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« Why A Person Learns (and what it means for education) | Main | Could we solve two problems at once? »

August 17, 2010


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Good post -- I agree with what you wrote about energy and consumption. I see it happening here in the U.S. Throw in the rising populations of the world mix it with consumption and bake it with declining energy sources and you have a disastrous recipe. Let us promote an alternative system. -- barbara

Molly Radke

Excellent post, as usual....tho this chile doesn't see coal as much of an even temporary "solution" to the "energy problem." Sure, you'd get the additional coal based energy, but at the cost of intensifying global climate change, which is ALREADY wreaking havoc in many areas. From what I read elsewhere, the blind powers that be in this strange land are even now ramping up coal-based energy production. Alas for our kids and grandkids. Of course you're "right," as in "correct" - there's just no way outa this conundrum.


So how, in practice, would the economy work if we accepted the fact of no more economic growth?

Would it, dare I say, have to be similar to the command economies that have been tried in the past - only this time without the perceived success of free market capitalism over the border provoking envy and unrest in the population?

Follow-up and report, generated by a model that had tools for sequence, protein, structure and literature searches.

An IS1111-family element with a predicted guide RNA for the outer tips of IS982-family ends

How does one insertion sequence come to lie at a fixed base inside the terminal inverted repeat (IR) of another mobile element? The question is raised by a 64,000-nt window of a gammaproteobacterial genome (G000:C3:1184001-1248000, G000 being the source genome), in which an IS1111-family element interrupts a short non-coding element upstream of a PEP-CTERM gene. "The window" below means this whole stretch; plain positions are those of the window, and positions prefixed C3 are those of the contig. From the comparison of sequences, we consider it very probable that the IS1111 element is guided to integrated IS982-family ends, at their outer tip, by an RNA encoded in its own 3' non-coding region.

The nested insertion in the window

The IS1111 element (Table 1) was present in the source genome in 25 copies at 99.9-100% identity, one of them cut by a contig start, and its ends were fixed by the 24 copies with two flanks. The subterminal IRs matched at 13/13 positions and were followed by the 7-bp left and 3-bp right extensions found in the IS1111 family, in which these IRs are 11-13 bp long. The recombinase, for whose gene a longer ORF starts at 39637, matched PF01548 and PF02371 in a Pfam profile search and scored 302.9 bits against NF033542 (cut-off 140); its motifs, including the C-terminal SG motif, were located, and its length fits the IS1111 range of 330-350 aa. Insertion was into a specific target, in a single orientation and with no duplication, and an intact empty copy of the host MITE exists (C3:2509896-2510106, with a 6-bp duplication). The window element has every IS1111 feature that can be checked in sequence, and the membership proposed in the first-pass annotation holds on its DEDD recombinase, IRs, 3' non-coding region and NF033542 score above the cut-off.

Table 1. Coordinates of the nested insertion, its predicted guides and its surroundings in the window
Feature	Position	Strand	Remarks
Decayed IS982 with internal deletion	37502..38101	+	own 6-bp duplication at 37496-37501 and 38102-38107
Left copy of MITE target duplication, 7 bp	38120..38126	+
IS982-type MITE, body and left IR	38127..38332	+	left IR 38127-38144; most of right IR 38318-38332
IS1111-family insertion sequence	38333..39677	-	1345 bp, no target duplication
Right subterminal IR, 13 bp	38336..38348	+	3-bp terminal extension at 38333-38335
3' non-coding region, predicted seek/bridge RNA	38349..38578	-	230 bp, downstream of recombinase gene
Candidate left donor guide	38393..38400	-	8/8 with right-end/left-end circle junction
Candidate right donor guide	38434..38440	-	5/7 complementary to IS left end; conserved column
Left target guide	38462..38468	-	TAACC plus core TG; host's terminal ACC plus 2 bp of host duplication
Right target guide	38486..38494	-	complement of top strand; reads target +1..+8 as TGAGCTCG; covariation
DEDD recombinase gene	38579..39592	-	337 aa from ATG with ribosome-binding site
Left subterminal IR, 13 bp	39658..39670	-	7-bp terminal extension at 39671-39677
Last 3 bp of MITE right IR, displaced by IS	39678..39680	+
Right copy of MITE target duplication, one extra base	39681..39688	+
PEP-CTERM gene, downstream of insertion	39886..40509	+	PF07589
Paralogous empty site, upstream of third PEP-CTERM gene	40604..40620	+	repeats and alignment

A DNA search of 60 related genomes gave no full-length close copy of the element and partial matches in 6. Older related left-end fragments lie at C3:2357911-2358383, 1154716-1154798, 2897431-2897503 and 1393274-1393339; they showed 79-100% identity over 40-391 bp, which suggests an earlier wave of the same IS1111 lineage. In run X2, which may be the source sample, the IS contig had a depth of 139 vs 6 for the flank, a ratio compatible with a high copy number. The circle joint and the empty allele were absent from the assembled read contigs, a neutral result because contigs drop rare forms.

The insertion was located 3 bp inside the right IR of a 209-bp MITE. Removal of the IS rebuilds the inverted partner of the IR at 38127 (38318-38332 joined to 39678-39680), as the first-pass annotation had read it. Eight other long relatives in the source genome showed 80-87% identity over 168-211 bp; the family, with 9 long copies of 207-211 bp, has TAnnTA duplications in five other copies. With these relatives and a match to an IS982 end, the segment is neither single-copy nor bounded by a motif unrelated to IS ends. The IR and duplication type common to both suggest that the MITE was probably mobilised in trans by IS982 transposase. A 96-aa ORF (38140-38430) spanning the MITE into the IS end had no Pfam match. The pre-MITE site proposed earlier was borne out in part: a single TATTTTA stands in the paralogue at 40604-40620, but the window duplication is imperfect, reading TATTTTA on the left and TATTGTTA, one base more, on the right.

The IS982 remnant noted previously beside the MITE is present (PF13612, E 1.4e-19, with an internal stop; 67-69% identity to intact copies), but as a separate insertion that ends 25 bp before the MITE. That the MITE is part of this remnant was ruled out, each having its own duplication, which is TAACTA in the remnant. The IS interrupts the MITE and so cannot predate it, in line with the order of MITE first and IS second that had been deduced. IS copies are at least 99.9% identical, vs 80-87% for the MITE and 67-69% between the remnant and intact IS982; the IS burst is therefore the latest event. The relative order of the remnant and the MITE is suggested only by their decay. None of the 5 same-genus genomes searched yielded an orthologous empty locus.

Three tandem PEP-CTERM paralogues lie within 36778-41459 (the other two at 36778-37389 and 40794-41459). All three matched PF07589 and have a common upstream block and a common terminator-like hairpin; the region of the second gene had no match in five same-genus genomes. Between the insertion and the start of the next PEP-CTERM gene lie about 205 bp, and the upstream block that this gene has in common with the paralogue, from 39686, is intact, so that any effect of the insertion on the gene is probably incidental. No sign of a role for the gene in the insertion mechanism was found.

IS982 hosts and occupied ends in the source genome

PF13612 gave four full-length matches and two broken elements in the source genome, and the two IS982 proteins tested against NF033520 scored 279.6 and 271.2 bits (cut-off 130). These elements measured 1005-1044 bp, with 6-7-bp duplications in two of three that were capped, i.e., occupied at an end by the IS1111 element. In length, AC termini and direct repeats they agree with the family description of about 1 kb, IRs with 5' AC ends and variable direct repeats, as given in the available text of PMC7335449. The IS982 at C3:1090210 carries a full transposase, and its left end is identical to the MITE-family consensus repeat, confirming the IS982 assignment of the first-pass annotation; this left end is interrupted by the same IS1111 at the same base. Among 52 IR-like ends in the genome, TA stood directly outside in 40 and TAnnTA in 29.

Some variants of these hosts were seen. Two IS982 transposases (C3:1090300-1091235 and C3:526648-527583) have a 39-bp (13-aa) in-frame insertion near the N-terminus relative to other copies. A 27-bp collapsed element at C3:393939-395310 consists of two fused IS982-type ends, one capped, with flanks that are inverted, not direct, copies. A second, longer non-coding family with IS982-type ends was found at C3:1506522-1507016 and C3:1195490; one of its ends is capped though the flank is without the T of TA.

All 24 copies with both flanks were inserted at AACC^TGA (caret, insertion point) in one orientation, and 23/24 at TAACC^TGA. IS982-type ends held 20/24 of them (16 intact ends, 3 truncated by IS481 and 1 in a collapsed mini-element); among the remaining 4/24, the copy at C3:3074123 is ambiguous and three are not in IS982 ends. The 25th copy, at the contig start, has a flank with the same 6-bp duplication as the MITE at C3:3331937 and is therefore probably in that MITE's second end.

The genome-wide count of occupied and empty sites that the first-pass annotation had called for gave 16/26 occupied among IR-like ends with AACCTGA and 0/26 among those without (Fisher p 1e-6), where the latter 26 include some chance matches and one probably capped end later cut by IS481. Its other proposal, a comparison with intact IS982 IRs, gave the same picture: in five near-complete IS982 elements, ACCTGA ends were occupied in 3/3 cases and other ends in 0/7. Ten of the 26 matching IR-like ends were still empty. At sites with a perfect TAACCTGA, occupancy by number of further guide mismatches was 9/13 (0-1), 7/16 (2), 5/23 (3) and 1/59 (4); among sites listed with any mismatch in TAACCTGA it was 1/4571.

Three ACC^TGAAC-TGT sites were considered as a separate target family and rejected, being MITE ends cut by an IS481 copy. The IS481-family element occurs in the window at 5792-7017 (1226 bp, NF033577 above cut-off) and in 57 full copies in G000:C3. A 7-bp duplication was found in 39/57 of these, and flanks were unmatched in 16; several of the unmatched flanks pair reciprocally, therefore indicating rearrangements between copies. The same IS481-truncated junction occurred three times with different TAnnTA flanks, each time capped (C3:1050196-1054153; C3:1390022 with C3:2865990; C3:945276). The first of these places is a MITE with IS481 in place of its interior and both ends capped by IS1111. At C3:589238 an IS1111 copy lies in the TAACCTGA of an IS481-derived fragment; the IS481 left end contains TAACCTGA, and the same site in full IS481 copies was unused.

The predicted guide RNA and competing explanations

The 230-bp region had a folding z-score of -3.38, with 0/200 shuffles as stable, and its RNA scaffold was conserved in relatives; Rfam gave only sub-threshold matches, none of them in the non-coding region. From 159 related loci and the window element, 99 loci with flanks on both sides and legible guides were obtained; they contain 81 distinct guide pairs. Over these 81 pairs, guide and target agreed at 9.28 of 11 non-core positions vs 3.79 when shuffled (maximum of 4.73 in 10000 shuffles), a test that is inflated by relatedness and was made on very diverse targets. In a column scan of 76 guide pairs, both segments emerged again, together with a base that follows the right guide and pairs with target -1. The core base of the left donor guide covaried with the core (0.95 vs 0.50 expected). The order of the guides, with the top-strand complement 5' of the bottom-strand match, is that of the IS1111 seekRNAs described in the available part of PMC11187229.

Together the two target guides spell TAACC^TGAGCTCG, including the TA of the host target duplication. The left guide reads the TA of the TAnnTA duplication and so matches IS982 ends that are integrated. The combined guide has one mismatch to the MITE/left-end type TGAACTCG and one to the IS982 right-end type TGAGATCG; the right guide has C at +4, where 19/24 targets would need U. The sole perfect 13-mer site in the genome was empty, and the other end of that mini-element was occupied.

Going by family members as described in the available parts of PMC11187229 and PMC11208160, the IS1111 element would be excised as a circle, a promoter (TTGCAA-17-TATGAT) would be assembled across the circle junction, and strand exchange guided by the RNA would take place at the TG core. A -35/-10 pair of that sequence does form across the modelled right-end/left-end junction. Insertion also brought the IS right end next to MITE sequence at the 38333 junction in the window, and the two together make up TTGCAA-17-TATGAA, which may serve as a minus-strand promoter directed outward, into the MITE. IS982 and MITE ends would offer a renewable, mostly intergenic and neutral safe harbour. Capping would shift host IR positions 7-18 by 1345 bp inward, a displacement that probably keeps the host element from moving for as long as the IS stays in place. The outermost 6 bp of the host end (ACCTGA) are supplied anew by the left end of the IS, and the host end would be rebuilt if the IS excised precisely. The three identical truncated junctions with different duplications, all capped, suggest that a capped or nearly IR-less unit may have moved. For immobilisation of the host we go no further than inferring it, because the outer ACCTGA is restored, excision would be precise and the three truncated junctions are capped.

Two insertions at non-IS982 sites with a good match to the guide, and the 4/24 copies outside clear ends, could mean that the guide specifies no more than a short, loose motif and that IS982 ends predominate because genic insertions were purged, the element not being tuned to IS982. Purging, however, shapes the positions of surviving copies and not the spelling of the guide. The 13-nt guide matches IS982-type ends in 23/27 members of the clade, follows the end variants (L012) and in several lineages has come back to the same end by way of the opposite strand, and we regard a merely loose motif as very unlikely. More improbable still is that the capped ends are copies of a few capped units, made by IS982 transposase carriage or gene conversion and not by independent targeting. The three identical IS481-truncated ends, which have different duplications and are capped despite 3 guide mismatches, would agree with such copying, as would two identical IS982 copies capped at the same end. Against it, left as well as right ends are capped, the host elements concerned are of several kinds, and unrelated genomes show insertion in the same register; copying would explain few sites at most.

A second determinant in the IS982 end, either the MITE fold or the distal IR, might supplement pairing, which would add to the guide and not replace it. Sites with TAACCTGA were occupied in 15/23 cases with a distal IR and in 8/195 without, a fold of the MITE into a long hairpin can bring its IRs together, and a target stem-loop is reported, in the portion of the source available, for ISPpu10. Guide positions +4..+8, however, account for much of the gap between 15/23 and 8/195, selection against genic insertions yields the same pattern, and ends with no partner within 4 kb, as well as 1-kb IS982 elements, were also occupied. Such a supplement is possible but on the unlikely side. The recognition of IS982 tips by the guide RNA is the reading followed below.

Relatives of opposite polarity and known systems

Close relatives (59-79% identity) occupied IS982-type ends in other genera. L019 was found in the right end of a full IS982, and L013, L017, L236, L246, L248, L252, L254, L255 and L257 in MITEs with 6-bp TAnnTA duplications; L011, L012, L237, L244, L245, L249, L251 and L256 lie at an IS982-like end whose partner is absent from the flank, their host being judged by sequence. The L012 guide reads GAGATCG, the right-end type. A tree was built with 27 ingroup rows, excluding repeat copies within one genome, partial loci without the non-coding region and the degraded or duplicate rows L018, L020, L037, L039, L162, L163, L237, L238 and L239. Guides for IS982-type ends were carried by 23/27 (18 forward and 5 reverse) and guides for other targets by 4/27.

One difficulty is that even a doctorate in physics wouldn't change much of anything. What you have to establish is not the silly tautology that growth to an infinite size is impossible. It's politically irrelevant, for example, that at current population growth rates, the Earth's entire surface will be covered by a seething mass of human flesh in seven or eight hundred years.

No, you have to establish that there is a serious constraint exerting itself, or that will do so within a time frame that people can grasp - i.e. 100 years out doesn't really count. The existence of such a constraint may be accepted in Peak Oil circles, but not in political circles. (And it's a bit risky to assert that no further technological progress will ever again be possible, an assertion that seems to be required to support some of the more doomish views in that community.) For that matter, I haven't even heard about any really serious constraint even from Steven Chu, who has more than two semesters of physics, although I certainly could have missed something.

George Mobus


An alternative system - yes. But what? Any thoughts?



Don't know if you've read any of John Michael Greer's stuff but he differentiates between 'problems', which can be solved, and 'predicaments', which cannot be solved, only bad consequences minimized (potentially). I concur with this characterization (in other circles predicaments are known as 'Wicked problems'). Our human condition is just such a case. We are in an unsolvable predicament and the sooner we recognize this and start looking for ways to minimize the bad consequences the better.